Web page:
Aside from the presentation of risk of inaction, you are very rarely informed of the risk from the intervention. We know that induction increases the likelihood of further intervention and adverse outcomes through the cascade of intervention; 51% of deliveries in 2022/23 were either assisted with instruments or caesaria, but this is rarely talked about.

Finally, in terms of risk assessment questions needs to be asked about the NHS's approach to likelihood and impact of risk particularly in relation to the longevity of impact. If you birth in hospital you are often discharged within days unless there are serious complications. Midwives discharge you from their service within 10-14 days once your baby has returned to birth weight. After that you're on your own. From my experience and looking at the increased incidence of certain types of medical intervention it appears the NHS is risk averse, prefering to intervene to prevent catastrophic loss whilst failing to measure the impacts of interventions that go beyond their immediate care remit. Part three will cover post partum health, but pelvic floor issues, postpartum depression and birth trauma are increasingly common long term side effects of the highly medicalised UK birth system.


  • Baumol's cost disease

Over time economists expect productivity to increase due to economies of scale, innovation and automation which has been seen in manufacturing but is more challenging in service sectors such as healthcare. This is because low productivity may be a feature of the service being provided; if I go to see my doctor I don't want them to shorten their appointments from 15 minutes to 5 minutes just so they can squeeze more patients in and "increase productivity". In many areas we value this low productivity and pay a premium for it; private schools for example that have smaller class sizes. Baumol recognised that as labour intensive services are less likely to see productivity gains, over time the proportion of national income spent on these labour intensive services would increase. Whilst politicians might lament the increasing cost of public healthcare and some decry the laziness of NHS workers, it is Baumol's cost disease in action, whichis supported by historical data.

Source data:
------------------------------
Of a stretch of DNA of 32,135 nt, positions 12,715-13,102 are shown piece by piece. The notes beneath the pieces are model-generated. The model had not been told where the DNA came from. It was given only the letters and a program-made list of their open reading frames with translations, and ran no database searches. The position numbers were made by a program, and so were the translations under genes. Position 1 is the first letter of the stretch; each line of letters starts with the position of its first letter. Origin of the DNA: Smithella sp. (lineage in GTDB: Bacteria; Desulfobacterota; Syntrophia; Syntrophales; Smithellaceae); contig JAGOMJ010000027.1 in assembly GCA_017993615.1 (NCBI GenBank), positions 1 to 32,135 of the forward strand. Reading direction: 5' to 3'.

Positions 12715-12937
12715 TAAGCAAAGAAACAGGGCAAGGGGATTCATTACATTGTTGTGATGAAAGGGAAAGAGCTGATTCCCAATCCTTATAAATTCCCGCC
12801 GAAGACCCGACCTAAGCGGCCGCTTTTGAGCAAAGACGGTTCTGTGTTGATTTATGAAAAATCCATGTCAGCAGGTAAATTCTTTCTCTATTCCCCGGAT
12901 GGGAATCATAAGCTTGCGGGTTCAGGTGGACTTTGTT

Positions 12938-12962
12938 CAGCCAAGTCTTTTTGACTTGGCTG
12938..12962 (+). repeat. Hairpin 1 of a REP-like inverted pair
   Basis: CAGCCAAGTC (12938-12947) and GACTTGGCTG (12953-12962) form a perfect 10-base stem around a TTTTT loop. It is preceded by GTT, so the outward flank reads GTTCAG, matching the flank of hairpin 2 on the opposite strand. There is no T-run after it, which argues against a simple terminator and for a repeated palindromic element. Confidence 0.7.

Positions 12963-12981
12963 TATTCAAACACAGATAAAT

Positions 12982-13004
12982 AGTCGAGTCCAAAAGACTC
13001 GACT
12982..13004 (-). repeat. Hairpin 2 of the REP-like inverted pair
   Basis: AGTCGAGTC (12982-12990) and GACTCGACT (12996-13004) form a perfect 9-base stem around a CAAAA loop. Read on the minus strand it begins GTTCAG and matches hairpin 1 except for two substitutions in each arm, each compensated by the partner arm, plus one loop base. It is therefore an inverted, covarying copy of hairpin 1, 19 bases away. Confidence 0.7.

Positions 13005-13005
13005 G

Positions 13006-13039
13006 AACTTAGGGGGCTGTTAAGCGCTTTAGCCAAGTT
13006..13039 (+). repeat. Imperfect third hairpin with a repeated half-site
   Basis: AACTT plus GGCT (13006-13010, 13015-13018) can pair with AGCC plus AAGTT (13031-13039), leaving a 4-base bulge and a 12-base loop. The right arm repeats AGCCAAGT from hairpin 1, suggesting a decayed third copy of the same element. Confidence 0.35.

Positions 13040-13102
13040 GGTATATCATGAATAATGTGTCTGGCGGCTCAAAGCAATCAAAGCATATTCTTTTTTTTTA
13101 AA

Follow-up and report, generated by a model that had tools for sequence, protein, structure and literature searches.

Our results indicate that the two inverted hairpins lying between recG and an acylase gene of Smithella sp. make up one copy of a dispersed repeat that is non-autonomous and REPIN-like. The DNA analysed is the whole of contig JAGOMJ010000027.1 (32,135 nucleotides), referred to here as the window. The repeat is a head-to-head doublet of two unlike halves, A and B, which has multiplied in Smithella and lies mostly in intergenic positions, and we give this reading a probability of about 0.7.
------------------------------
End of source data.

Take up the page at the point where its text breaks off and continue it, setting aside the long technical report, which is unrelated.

Why does this matter? Because whilst politicians refuse to acknowledge this phenomenon, the rising costs of key labour intensive services (which are often publicly funded) such as education and healthcare will continue to be underfunded.



 

To close I want to share some information that I wish I had known before the birth of my first child;

  • PLEASE EDUCATE YOURSELF ON YOUR RIGHTS DURING PREGNANCY AND CHILDBIRTH. Key rights are listed below, but go to Birthrights, follow birth educators on Instagram such as @BetterbirthUK @NakedDoula @Kemibirthjoyjohnson

  • You can give birth where you want. Doctors, midwives or anyone else don't have to give you "permission". Medical staff can restrict certain options but it is your right to birth at home if you wish. The only exception to this is if you lack mental capacity; see here for more advice on this.

  • You have the right to decline interventions even if it's hospital policy.

  • If you feel you can't say no, it's not consent. For consent to be valid it must be given voluntarily.

  • Trust your body and your instincts .

  • Watch real birth videos and seek out positive birth stories. @Badassmotherbirther has hundreds of beautiful videos that show the immense power and beauty of birth.


Despite the doom and gloom of this blog; after my own first traumatic birth I went on to hire a doula, educate myself on physiological birth and had a beautiful homebirth (against medical advice) that completely changed my view on birth. From my first traumatic birth, to feeling like birthing was a privilege. Birth does not have to be traumatic.